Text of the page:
"Before introducing a puppy to birds," Tom said, "I want him to be retrieving a dummy reliably. Straight out. Straight back. Every time. I also want him to have his permanent teeth. To start out, I rubber-band a wing onto the dummy and toss it for a few retrieves. If all goes well, I switch to a cold, dead pigeon or quail."
Tom insists on a proper delivery, that is, he wants the puppy to deliver right into his lap as he crouches down. If the puppy is slow or sloppy-mouthed, Tom gets up and moves away, which usually encourages the puppy to chase after him. In the rare cases in which that doesn't work, he attaches a light cord to the pup's collar so he can control him. But one way or another, he gets the kind of delivery he wants before moving on.
Next, out in the field, while working the puppy into the wind, Tom "rolls in" a dead pigeon or quail when the youngster isn't looking. When the pup is moving away from him, say, off to his right, Tom tosses a dead bird about 10 to 15 yards ahead and off to the left. Because they're moving into the wind, the pup will scent the bird next time he swings around in that direction. What a pleasant surprise for the puppy when he finds it!
And, of course, after all the above preliminary work, he retrieves the bird straight to Tom.
After a few of these rolled-in dead birds, Tom starts rolling in clip-wings--live birds with the flight feathers of one wing either removed or taped so the bird cannot fly. When the pup approaches a clip-wing, the bird tries to escape by flapping its wings and running away. The pup chases and catches it. Wow! What fun!
|Introducing Your Puppy To Birds|
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This encourages what spaniel folks call a "hard" flush. In a hard flush, as soon as the dog scents the bird, he drives immediately in to flush it, whereas in a "soft" flush he first hesitates, perhaps even flash-points, before going in for the flush. A hard flush eliminates the bird's option to run, forcing it to fly immediately. Therefore it is highly effective in hunting pheasants.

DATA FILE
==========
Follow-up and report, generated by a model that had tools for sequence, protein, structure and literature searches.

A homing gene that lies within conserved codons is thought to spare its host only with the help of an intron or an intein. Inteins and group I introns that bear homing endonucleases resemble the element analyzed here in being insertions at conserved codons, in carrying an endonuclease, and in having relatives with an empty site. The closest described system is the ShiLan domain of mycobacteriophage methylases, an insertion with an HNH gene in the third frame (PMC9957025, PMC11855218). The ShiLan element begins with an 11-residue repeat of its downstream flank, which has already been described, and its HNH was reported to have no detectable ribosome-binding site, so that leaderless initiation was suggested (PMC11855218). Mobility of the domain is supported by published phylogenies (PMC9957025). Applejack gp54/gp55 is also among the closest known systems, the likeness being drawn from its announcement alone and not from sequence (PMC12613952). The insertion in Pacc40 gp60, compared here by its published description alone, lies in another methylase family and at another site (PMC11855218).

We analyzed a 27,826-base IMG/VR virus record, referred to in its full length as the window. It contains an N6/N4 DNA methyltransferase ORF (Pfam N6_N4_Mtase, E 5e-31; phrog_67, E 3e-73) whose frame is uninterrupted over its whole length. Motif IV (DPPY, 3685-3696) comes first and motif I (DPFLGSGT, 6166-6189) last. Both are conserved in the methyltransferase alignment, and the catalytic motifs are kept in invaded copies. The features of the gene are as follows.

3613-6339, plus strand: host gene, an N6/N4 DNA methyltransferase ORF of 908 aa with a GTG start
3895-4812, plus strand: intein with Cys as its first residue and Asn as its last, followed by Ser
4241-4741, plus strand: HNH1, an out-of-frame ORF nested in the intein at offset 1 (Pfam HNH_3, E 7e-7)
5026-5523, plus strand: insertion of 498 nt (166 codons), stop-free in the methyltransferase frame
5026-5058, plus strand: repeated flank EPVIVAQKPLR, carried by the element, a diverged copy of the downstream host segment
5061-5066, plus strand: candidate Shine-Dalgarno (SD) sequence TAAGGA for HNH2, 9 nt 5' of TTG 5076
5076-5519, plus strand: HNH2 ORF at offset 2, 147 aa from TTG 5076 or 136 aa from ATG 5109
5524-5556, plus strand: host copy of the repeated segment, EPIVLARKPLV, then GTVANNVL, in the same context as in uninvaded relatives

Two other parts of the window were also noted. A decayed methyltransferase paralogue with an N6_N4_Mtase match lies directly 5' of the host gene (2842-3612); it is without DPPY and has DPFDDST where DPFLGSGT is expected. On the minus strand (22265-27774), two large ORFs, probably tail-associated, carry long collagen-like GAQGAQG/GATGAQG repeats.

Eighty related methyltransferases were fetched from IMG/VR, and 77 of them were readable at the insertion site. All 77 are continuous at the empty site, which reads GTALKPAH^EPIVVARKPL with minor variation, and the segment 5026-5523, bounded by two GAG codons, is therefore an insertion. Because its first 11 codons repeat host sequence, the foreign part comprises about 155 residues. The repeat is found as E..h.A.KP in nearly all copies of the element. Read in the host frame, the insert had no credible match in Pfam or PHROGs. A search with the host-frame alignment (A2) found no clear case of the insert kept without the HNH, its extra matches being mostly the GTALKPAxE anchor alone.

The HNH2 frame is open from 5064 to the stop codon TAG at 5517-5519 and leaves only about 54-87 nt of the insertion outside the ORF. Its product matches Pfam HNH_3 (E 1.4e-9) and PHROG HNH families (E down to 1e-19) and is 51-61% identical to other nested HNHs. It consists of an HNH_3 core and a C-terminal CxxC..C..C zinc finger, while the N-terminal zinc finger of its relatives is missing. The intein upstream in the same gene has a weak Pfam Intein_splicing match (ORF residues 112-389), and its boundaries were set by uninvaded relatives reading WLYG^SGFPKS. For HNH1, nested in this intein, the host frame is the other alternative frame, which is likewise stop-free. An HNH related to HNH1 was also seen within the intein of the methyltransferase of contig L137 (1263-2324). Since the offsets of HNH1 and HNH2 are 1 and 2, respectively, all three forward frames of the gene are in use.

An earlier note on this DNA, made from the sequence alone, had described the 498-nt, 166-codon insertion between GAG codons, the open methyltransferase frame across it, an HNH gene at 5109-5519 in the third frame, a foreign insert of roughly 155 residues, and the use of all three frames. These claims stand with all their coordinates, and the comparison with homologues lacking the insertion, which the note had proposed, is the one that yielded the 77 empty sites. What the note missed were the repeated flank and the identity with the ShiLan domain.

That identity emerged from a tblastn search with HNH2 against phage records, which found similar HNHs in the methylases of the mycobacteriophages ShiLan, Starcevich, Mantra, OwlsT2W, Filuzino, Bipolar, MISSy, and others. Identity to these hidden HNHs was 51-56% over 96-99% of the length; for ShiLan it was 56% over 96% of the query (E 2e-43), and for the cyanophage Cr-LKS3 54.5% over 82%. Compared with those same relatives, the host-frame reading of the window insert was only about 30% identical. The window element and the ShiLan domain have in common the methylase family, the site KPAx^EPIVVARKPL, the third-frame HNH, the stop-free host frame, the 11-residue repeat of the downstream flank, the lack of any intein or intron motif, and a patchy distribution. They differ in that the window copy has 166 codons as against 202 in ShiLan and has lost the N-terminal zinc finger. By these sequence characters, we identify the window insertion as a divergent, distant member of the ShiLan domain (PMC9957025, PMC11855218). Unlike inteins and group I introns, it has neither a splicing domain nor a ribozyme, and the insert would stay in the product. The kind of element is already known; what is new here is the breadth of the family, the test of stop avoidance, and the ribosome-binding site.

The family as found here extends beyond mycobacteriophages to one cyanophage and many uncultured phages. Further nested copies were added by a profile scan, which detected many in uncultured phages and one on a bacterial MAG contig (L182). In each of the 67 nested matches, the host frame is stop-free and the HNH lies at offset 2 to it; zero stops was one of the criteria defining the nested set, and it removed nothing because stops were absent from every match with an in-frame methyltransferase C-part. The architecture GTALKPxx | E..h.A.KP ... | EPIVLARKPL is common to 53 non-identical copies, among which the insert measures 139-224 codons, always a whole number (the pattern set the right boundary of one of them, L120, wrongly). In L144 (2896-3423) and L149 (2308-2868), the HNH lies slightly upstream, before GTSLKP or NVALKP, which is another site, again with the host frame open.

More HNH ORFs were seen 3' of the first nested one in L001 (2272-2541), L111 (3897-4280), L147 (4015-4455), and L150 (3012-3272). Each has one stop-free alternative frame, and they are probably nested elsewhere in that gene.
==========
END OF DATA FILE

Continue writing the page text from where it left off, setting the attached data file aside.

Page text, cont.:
After several clip-wings, Tom starts planting dizzied live fliers, which the pup flushes and chases a long way. Tom doesn't start shooting fliers over the youngster until he has been gun-proofed, quarters nicely, obeys certain whistle signals (turn, stop, and come back), and has been trained to retrieve only on command.
"That way," he said, "the dog is steady the first time I shoot a bird over him."To introduce each new species of bird, like chukars and pheasants, Tom starts by giving the pup a few tossed retrieves of a cold dead bird, then with a warm dead bird, then rolled-in clip-wings, and finally planted fliers.
As a final thought, Tom added: "I use and recommend a slow, graduated, and steady approach. So many people shoot fliers over their spaniels too early, and thereby teach their dogs that flushing and chasing will be rewarded with a retrieve. Later when they do steady their dogs, they face a much tougher job, one they might never really complete.
"Consequently, they sometimes use too much pressure in trying to steady their spaniels and thereby get into all sorts of serious and totally unnecessary problems, pointing and even blinking, which is easier to avoid than to cure, believe me."